Idea receptiveness survey sheds light on potential innovation barriers

A new survey from Paul Sloane's firm, Destination Innovation, indicates that the most common barriers to the implementation of new ideas are lack of time and money, poor communication and a variety of cultural issues including risk aversion and fear of failure. All of these issues, he says, are related to leadership.

A new survey from Paul Sloane’s firm, Destination Innovation, indicates that the most common barriers to the implementation of new ideas are lack of time and money, poor communication and a variety of cultural issues including risk aversion and fear of failure. All of these issues, he says, are related to leadership.

Another interesting finding of this survey is that most people consider themselves more receptive to new ideas than their bosses are.

“Whereas 95% of people think that they would welcome or consider ideas from outside their department, only 77% thought that their manager would. If they had implemented a new policy and someone suggested there might be a better way to do the whole thing, then 52% of respondents would consider the suggestion carefully and be prepared to try it. However they thought that under similar circumstances only 18% of bosses would do the same.”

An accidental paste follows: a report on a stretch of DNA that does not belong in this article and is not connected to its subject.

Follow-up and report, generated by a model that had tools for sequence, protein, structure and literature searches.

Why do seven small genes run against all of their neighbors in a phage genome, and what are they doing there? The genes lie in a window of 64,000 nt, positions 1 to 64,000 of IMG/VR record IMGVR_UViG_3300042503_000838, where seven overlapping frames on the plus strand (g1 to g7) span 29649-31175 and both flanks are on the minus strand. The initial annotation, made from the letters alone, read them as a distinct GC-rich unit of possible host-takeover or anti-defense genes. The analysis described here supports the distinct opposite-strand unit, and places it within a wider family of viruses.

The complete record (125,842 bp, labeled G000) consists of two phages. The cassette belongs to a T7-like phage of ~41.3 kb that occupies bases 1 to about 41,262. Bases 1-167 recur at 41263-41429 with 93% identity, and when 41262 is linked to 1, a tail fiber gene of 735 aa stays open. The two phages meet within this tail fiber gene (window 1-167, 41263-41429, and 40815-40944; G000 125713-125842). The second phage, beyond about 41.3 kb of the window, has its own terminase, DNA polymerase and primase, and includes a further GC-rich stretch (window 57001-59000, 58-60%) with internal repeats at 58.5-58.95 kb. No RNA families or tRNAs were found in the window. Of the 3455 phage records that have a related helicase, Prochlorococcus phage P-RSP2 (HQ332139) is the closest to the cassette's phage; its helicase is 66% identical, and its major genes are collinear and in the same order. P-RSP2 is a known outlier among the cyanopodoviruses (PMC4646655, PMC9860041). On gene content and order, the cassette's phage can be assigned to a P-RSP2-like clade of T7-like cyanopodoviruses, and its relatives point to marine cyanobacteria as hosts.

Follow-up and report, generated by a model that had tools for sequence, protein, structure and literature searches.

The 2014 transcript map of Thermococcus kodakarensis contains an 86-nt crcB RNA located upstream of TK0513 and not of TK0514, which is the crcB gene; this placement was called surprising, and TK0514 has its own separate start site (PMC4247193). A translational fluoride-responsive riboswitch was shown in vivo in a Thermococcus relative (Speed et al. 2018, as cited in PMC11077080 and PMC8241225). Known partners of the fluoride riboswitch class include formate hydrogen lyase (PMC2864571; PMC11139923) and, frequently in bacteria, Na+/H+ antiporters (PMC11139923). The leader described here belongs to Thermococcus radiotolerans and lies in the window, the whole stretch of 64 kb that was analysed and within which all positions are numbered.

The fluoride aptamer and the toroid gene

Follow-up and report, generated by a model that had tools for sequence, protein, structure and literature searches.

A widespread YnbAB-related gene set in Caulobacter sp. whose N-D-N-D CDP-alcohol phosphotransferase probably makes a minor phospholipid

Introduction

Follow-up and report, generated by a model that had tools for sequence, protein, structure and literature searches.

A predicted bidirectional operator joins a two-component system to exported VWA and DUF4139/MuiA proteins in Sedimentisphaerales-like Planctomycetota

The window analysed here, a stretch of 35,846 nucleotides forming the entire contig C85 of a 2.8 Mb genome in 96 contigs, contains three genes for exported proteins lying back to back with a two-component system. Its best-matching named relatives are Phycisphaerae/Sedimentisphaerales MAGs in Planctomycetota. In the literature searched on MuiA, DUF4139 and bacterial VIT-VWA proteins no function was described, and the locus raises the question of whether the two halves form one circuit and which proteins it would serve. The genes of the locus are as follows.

This begs the question, however: Are bosses really not as receptive to ideas, or is this simply a perception of workers? My suspicion is that it’s a combination of the two. In many companies, managers are compensated based on their ability to produce results – which in many cases are the same results as last year plus X percent. Consistency becomes important, and anything that may divert the department’s or division’s singular focus on producing that predictable result – such as a new idea – tends to be viewed as a distraction. And in all but the most open, progressive corporate cultures, workers tend to be suspicious of their managers.

Paul asks the question, “Are we just as bad as our bosses but we don’t see it?” I think the answer may be yes.

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